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Across China: Tibetan students find focus and a future in Thangka painting
    Date:10-10-2017 Source:Xinhuanet Author:    

October 10,2017--Rong Ying has been studying Thangka painting for almost four years.

Rong, 24, an ethnic Tibetan from Rangtang County, southwest China's Sichuan Province, learns the skills in a training school that has about 100 students. His dream is to allow his parents to stop working in the fields and help them move to a big, new house in the county.

"My parents grow corn and potatoes and barely make 800 yuan (120 U.S. dollars) a year. They have to prevent their crops from being eaten by wild animals," he said. "Once I have mastered the art of painting Thangka, they will no longer have to do such hard work."

Thangka are Tibetan Buddhist artworks painted on cotton or silk. The religious paintings that can be traced back to the tenth century A.D. and typically depict images of Buddhist deities. In recent years, with governmental and private support, Thangka schools have been growing in the Tibetan areas of Sichuan, helping many young people out of poverty.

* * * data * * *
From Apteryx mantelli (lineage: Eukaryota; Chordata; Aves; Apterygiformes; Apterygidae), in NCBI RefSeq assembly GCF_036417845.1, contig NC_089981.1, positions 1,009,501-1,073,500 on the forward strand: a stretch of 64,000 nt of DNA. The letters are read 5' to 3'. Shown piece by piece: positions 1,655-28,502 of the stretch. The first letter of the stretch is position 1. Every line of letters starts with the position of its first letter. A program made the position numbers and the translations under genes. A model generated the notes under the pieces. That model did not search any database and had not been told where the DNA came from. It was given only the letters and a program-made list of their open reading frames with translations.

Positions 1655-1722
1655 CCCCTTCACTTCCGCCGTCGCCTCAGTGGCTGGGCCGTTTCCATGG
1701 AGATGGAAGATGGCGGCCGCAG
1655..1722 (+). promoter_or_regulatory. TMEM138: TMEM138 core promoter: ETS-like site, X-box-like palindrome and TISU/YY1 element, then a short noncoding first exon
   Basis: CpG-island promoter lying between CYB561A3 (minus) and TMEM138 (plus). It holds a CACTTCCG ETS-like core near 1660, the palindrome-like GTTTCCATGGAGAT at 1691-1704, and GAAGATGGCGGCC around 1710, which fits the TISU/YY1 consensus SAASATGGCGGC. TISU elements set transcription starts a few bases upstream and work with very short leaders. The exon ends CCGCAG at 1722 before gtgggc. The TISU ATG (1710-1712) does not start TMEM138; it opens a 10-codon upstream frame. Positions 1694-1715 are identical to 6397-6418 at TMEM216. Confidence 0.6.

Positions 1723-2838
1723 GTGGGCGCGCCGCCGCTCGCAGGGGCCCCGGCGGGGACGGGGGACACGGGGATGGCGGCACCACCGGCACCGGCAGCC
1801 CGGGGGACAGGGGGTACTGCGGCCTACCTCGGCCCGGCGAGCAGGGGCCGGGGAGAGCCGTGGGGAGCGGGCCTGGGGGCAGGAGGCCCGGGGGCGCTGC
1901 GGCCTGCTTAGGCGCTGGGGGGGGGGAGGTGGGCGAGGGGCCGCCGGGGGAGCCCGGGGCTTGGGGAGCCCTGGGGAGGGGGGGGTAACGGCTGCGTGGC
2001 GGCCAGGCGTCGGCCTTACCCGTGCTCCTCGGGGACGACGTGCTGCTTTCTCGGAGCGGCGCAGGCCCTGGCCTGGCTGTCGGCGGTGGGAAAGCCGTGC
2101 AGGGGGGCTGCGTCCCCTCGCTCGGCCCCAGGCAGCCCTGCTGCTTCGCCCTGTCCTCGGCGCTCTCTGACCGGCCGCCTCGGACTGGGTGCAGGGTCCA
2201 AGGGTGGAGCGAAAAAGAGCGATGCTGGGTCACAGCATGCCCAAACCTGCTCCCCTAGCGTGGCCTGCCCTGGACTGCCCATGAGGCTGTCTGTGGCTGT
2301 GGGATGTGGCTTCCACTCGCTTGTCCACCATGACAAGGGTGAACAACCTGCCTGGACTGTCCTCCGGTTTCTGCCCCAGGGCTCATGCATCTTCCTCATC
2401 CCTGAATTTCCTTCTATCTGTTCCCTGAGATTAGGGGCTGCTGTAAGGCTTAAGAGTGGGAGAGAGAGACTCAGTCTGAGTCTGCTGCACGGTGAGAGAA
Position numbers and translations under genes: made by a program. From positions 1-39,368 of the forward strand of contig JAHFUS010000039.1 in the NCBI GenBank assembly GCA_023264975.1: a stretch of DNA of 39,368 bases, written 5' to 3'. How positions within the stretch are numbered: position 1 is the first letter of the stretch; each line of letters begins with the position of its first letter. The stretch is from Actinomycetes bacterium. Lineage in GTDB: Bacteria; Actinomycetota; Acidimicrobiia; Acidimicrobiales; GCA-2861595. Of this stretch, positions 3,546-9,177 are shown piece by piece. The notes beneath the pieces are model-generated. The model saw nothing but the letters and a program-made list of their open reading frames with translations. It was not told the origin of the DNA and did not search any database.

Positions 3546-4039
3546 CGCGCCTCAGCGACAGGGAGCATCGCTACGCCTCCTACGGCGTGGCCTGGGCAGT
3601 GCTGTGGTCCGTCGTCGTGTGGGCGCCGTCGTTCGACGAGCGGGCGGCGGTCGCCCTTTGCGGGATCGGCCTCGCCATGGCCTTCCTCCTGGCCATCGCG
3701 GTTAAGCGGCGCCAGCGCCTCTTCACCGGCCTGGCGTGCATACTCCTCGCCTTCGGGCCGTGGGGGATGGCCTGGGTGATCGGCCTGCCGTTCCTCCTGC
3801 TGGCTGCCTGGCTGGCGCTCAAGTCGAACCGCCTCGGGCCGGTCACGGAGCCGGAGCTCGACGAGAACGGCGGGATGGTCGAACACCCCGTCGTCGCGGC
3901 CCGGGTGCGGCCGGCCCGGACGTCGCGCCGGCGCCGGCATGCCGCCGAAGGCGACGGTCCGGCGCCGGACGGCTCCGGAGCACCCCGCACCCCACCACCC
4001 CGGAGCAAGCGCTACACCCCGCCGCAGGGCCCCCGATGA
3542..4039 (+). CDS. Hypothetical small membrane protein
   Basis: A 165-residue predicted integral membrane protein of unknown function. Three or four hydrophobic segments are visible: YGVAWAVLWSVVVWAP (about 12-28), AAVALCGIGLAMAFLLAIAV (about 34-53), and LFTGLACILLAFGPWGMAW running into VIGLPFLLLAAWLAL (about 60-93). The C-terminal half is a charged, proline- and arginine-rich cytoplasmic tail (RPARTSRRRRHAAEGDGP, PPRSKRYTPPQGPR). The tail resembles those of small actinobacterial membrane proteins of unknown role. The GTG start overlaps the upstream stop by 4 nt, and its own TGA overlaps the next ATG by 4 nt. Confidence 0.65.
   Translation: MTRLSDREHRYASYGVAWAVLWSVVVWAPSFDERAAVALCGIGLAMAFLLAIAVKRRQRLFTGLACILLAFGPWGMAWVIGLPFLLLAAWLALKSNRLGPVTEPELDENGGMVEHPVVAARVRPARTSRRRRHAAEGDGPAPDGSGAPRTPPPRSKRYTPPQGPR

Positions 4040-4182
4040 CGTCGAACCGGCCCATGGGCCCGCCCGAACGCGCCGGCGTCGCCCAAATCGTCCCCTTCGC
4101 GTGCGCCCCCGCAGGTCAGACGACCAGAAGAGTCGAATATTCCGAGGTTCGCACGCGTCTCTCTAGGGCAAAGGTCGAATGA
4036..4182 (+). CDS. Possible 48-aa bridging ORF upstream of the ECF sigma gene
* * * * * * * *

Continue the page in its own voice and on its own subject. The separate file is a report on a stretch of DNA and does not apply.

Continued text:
The Thangka school in Rangtang is the biggest in the area. It was opened by a monk in 2009. Students don't need to pay tuition fees and receive a 300-yuan stipend every month. Most of the students are from the rural families in the area, and many of them dropped out of school due to poverty.

"When project was started, local residents were worried that students would cause trouble, because in their eyes they were a bunch of 'problem kids,'" said Lungrig, a monk who supervises the school. "Many teenagers were smoking, drinking and fighting before they came here, and their parents could do nothing about their behavior."

However, he said that within one year the students began to behave "in a much better way."

"Many of them have found a focus by learning Thangka painting," Lungrig said. "They have become closer to their faith, and learned how to be respectful."

Learning to paint Thangka is not easy. One has to study the sketches, the lines and the coloring. It takes an average student six to seven years to master the skills.

One of the fundamentals is learning the proportions of heads of the Buddha. The first Buddha they paint is Sakyamuni, on whose teachings Buddhism was founded. They paint the head, then the body, followed by the robes.

"When I paint Sakyamuni, I can feel his existence," said Tsering, a 21year-old student. "I feel his stare, and so I make every move very carefully."

Tsering said that studying Thangka has transformed him from a "drifter" into a person with goals and plans.

 
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